At Texas A&M University Galveston's Graduation Ceremony on May 11, 2002, the United States Sailing Association will present the Arthur B. Hanson Rescue Medal to the Rescuers at Texas A&M University of Galveston “Open Team Race”.
For the rescuers' significant courage, seamanship, and compassion, and incredible spontaneous coordination, US Sailing will present the Rescue Medal to the sailor turned divers, first-aid, CPR providers, and rescuers: Brence Bedwell, Jenipher Cate, Jeff Daigle, Kevin Gunn, James Loynes, Chris Noll, Robin Reger, Joe Richardson, Bill Self, Julie Svaton, Danna Svejkosky, Gerard Coleman, Luckey Reed, Shannon Galway, Laura Stover, Spencer Ogden, Scott Marsden, Jake Scott, John Gross, Gene Soltero, Gretchen Poplinger, Andy Towles, and Matt Romberg.
On February 23, 2002, an alleged suicidal man drove his minivan at a high rate of speed into Offats Bayou in Galveston Bay, Texas landing and sinking 15-20 yards offshore in 9-12 feet deep water. Inside the van were five passengers, 6-months to 26-years in age.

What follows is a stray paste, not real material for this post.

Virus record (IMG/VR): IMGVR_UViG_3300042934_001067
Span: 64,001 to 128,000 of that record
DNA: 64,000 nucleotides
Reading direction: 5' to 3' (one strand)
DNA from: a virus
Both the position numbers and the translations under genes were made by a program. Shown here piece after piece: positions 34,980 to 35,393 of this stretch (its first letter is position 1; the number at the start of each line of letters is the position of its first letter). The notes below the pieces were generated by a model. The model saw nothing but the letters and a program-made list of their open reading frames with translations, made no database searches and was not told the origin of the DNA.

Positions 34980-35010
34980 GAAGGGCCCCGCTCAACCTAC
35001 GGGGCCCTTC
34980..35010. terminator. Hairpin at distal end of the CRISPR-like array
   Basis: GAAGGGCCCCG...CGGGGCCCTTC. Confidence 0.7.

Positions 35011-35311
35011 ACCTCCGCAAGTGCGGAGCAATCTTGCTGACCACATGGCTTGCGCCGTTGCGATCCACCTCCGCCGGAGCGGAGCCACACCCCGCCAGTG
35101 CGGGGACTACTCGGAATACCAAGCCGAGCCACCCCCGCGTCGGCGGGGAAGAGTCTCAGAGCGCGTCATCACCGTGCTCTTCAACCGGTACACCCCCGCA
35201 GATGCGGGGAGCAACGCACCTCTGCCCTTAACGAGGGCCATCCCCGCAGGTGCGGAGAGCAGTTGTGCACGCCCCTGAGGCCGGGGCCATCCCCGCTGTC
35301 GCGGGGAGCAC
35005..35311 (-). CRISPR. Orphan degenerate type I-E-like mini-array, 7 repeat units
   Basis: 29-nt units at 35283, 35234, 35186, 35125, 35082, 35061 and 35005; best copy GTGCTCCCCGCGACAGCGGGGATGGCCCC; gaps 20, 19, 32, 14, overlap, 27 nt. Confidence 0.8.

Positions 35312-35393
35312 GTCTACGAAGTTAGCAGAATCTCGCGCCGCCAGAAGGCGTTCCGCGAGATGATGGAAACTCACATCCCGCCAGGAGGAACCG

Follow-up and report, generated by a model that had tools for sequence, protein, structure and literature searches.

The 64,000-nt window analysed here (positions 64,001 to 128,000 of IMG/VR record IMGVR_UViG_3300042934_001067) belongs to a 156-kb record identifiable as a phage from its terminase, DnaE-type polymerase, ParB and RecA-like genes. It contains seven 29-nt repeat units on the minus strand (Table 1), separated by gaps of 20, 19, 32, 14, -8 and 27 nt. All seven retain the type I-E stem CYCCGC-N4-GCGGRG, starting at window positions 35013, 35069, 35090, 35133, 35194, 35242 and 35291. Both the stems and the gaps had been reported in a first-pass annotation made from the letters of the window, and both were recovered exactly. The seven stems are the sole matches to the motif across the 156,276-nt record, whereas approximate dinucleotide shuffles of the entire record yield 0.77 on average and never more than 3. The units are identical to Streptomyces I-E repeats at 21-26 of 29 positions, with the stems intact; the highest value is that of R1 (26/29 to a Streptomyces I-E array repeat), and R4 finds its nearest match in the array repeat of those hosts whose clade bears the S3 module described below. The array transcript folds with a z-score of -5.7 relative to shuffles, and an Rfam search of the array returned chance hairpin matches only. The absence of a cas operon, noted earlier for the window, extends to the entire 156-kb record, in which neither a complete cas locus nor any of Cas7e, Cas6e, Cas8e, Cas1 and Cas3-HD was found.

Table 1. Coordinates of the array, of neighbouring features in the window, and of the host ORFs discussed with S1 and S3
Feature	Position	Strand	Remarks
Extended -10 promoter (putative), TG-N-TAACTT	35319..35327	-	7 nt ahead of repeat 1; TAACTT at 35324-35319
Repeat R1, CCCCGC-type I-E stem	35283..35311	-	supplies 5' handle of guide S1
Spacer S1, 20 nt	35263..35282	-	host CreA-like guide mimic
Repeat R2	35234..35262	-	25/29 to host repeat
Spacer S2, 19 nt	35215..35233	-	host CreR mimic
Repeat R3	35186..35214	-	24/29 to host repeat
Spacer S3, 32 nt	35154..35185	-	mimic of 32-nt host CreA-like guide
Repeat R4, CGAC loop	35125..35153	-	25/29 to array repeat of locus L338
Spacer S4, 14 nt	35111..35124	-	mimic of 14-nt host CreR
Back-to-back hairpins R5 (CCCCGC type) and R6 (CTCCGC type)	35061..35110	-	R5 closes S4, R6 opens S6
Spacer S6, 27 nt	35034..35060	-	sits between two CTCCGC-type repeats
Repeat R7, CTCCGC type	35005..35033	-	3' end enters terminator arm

The van landed within 30 feet of the starting line where graduate and undergraduate participants of the regatta were preparing a start. Approximately 40 second's later the non-English speaking driver, emerged from the sunken van. Bilingual sailors ascertained there were still 5 occupants remaining in the van. Participants in the regatta dove into the 60-degree water to the submerged van and made continual, repeated dives with visibility of less than 12-inches to rescue the trapped occupants.
Failing to get the doors or windows open, the rescuers called for rocks from shore which they utilized, along with an anchor was delivered, to smash the windows. The sailors spent approximately 10 minutes recovering the remaining victims, all of whom were unconscious. All five occupants were administered CPR and first aid on shore by the sailor rescuers, and it was during this time that emergency vehicles arrived.
All the victims were transported to the hospital and were determined to be in critical condition. By April, 2002, all were released from the hospital with good prognoses.
Many of the rescuers received cuts and abrasions from the glass, and have recovered fully. Local emergency response professionals are amazed that no rescuers were themselves drowned, as the statistics for rescuers becoming trapped underwater are alarming.
The US Sailing Arthur B. Hanson Rescue Medal is given to skippers of pleasure boats or race support vessels who effect rescues of victims from the water. The award is made for rescues in U.S. waters, or in races that originate or terminate in a U.S. port. The Rescue Medal has been in existence for twelve years and is administered by US Sailing's Safety-at-Sea Committee (SASC).